5)  Always start with learning goals.  Please don’t set out to have an iPad in the hand of every student as your ultimate goal. We want students to be connected learners. Now, let’s figure out how to make that happen.  And while you are doing this — also be sure you have a plan for equity. If digital tools are the answer for the learners who can afford them, we better figure out how we can put them in the hands of all learners.

6)  Make sure teachers have the tools.  I think almost all districts across North America are at least thinking about a plan to include personal devices in the classroom. This is great news.  But, before students walk into classrooms with devices, make sure you have a plan for teachers to have devices as well. We have the responsibility to ensure our staff have the tools they need to go where the kids are.

7)  You can’t microwave change.  All teachers, all schools, and all districts must go through the process. Yes, it can be frustrating that change is not happening as fast as a leader might hope for, or that the digital transition is lagging.  There are ways to support and encourage it, but trying to force the change will ruin it.

8)  Embrace the uncertainty.  I never trust people who speak with certainty about what schools will be like in five years, or what role technology will play. Same, with those in education who self-gloss themselves as technology or social media gurus.  I think we can be pretty sure about the skills our kids will need, but the rest is really uncertain and that is okay. Technology will not ensure our kids are prepared for the future, but we can be sure that in five years technology will play a greater role, not a lesser one, in our schools and in our world.

9)  Whatever you do — model it. If you want kids to blog, then the leaders need to be blogging. If you want schools to go paperless, then the district office needs to go paperless. And, if you want classes to be more learner-centred, the same should be true for staff meetings.

10)  For leaders — surround yourself with people who will push you and make you uncomfortable. There is nothing worse than being satisfied with status quo. Finding leaders who will take risks is not easy, but they are out there. We need them in our district offices and in our schools.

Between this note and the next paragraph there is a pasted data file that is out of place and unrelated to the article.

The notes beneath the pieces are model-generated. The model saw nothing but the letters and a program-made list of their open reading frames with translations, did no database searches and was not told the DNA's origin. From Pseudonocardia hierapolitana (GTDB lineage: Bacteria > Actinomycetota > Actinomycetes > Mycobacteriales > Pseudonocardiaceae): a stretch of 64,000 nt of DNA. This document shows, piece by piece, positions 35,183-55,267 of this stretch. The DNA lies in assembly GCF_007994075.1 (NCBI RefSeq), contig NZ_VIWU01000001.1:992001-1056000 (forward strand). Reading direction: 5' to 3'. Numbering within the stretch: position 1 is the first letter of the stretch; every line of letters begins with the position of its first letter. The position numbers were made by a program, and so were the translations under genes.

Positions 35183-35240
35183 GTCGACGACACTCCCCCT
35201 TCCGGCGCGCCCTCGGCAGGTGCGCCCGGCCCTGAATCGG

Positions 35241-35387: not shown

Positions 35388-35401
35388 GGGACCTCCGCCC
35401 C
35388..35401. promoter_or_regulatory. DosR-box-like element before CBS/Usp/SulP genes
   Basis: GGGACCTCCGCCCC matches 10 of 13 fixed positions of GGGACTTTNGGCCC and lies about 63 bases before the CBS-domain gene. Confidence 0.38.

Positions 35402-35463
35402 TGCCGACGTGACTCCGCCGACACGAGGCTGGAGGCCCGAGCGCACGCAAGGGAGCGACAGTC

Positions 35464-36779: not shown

Community is the greatest part of the educational journey. From those who I work with everyday, to the amazing digital community, there are so many of us trying to figure out the way forward — part of that is doing our best for all of our kids in this digital world.

Teacher

Dad Updated Photo

I have been stuck.  This is my first blog effort in about a month.  It is, by far, my longest time away from public writing and it has been challenging to write.  While I know some might have hoped I would write about the job action that has cast a cloud over the BC public education system, there is little I could add that would not just be more noise. So, with less writing, I have been reading more.  And, something I read finally gave me the momentum to become unstuck.

I stumbled my way to the blog You Suck, Sir from a local Vancouver teacher.  As he describes the blog, “My students are funny.  Sometimes, it’s intentional.”  The blog is a collection of stories from the English teacher’s class over the last two decades — some absolutely great writing.  He recently wrote a post  answering a question about having a teaching philosophy.

He starts:

Great question.  And I was reminded of it tonight when I got in touch with my sponsor teacher from 1995.  He’s well into his retirement now but he was a legendary teacher in his day and head of the English department in our city’s largest high school.  He took me under his wing and I got to observe how a master teacher runs his class.  And I’ll be honest: I didn’t see anything.  I had to report back to my faculty advisor all the things I’d noticed in terms of methodology and classroom management.  But I didn’t “see” anything.  It took me a while to realize why:  he made it look easy.  He had internalized everything a teacher is supposed to do.  I even confronted him about it one day to ask which educational philosophy he abides by, and he answered: “Listen to what they’re saying.”